By Jason Miller
The Office of the National Director of National Intelligence (ONDI) and
the Defense Department today released the seven areas of certification
and accreditation for information technology systems that they will
The next step is a group of small implementation teams that will begin
developing the how the agencies will use these new policies, said Dale
Meyerrose, ODNIs chief information officer and associate director of
national intelligence. He was speaking at the FOSE trade show last week
in Washington. D.C.
Meyerrose announced four of the seven areas during his speech at FOSE,
and today ODNI and DOD made public the other three areas.
DOD and ODNI will:
* Define a common set of trust levels so both departments share
information and connect systems more easily.
* Adopt reciprocity agreements to reduce systems development and
* Define common security controls using the National Institute of
Standards and Technologys Special Publication 800-53 as a starting
* Agree to common definitions and an understanding of security terms,
starting with the Committee on National Security Systems 4009 glossary
as a baseline.
* Implement a senior risk executive function to base an enterprise view
of all factors, including mission, IT, budget and security.
* Operate IT security within the enterprise operational environments,
enabling situational awareness and command and control.
* Institute a common process to incorporate security engineering within
life cycle processes.
We need to establish a community environment across security domains,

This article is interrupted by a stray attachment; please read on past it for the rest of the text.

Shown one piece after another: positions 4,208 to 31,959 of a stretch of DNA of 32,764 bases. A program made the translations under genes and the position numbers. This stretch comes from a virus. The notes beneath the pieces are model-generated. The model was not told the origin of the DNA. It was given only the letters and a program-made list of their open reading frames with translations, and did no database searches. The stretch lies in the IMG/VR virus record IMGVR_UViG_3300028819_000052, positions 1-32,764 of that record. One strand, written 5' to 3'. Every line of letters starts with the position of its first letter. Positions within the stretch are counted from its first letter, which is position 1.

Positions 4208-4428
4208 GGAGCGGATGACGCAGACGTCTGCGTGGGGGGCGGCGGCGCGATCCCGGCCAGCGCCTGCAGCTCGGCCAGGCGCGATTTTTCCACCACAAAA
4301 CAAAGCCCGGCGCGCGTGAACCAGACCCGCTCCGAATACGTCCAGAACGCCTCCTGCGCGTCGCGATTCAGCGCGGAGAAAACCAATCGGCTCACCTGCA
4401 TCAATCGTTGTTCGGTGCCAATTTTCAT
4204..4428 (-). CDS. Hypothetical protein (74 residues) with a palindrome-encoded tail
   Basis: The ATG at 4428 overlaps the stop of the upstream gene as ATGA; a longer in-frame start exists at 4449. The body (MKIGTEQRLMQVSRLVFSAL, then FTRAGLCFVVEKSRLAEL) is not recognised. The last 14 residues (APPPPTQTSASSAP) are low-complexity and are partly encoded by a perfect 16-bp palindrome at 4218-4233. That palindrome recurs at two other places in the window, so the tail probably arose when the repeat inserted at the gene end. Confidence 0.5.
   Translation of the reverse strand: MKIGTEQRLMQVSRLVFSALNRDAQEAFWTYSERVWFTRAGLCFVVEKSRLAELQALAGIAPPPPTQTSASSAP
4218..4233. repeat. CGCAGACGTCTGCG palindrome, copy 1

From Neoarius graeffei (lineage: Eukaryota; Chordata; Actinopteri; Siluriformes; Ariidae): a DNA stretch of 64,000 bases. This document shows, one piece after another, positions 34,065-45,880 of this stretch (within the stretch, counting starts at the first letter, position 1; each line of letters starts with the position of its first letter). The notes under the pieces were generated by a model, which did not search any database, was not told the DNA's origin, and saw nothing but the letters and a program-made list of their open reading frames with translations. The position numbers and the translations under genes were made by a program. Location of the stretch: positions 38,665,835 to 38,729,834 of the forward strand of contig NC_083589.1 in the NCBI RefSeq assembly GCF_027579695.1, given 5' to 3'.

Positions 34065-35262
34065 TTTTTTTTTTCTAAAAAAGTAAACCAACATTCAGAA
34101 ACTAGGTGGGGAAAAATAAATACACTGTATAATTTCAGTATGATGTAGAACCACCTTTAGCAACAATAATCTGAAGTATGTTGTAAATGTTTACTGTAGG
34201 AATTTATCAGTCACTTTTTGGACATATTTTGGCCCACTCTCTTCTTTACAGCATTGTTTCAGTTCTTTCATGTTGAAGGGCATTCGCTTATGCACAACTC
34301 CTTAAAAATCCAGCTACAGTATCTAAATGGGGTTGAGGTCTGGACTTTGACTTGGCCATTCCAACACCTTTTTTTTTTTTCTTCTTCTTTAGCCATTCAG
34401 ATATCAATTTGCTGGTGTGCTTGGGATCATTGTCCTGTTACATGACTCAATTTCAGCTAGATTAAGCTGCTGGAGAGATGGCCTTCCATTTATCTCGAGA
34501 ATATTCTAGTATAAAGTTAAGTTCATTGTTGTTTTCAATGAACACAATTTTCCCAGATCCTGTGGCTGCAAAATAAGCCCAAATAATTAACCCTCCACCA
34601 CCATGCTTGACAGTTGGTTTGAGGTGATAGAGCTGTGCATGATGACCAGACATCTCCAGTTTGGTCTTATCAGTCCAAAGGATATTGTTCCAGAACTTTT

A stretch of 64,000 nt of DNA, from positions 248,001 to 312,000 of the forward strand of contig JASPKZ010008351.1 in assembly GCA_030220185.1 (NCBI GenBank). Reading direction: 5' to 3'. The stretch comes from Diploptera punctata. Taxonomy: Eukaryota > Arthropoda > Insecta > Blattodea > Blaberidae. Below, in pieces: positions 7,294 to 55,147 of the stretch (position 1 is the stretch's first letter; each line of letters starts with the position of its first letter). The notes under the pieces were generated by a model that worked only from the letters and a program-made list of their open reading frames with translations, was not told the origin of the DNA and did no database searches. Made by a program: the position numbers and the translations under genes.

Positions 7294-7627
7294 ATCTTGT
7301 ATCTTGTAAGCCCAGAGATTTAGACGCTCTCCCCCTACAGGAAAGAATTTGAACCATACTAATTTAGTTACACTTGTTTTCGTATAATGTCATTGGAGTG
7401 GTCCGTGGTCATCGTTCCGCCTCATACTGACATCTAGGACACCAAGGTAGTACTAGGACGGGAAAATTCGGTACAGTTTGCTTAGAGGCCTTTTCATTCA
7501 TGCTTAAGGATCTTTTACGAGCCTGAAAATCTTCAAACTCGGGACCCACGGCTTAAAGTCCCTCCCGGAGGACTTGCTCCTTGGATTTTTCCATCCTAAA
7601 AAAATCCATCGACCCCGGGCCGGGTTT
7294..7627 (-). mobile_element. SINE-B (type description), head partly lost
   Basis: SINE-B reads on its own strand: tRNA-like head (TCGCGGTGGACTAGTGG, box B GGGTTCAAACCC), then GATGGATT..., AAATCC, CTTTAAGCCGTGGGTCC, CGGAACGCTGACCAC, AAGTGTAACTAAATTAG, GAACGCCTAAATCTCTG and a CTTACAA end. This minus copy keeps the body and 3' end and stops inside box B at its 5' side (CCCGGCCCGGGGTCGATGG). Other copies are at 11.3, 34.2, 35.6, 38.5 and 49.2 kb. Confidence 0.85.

equipped with standard enterprise services and universal data access,
Meyerrose said in a statement.
DOD and ODNI started work on these standard areas eight months ago and
included the Office of Management and Budget and other agencies.
Meyerrose said the intelligence communities certification and
accreditation policy was more than 10 years old and when the departments
developed it, it took three years to write and four years to coordinate.
Many elements look on the surface as common sense things, Meyerrose said
at FOSE. But they are tearing down the walls to build up partnerships.
He added that because of this process more agency partners are coming
into the mix. Meyerrose said agencies such as the Homeland Security and
Justice departments are participating in the governance process.
While this does not solve all issues of information sharing, we did
raise the bar, he said. We need to get past quantity as the only measure
of success and progress, and get to quality of information shared.
Visit the InfoSec News Security Bookstore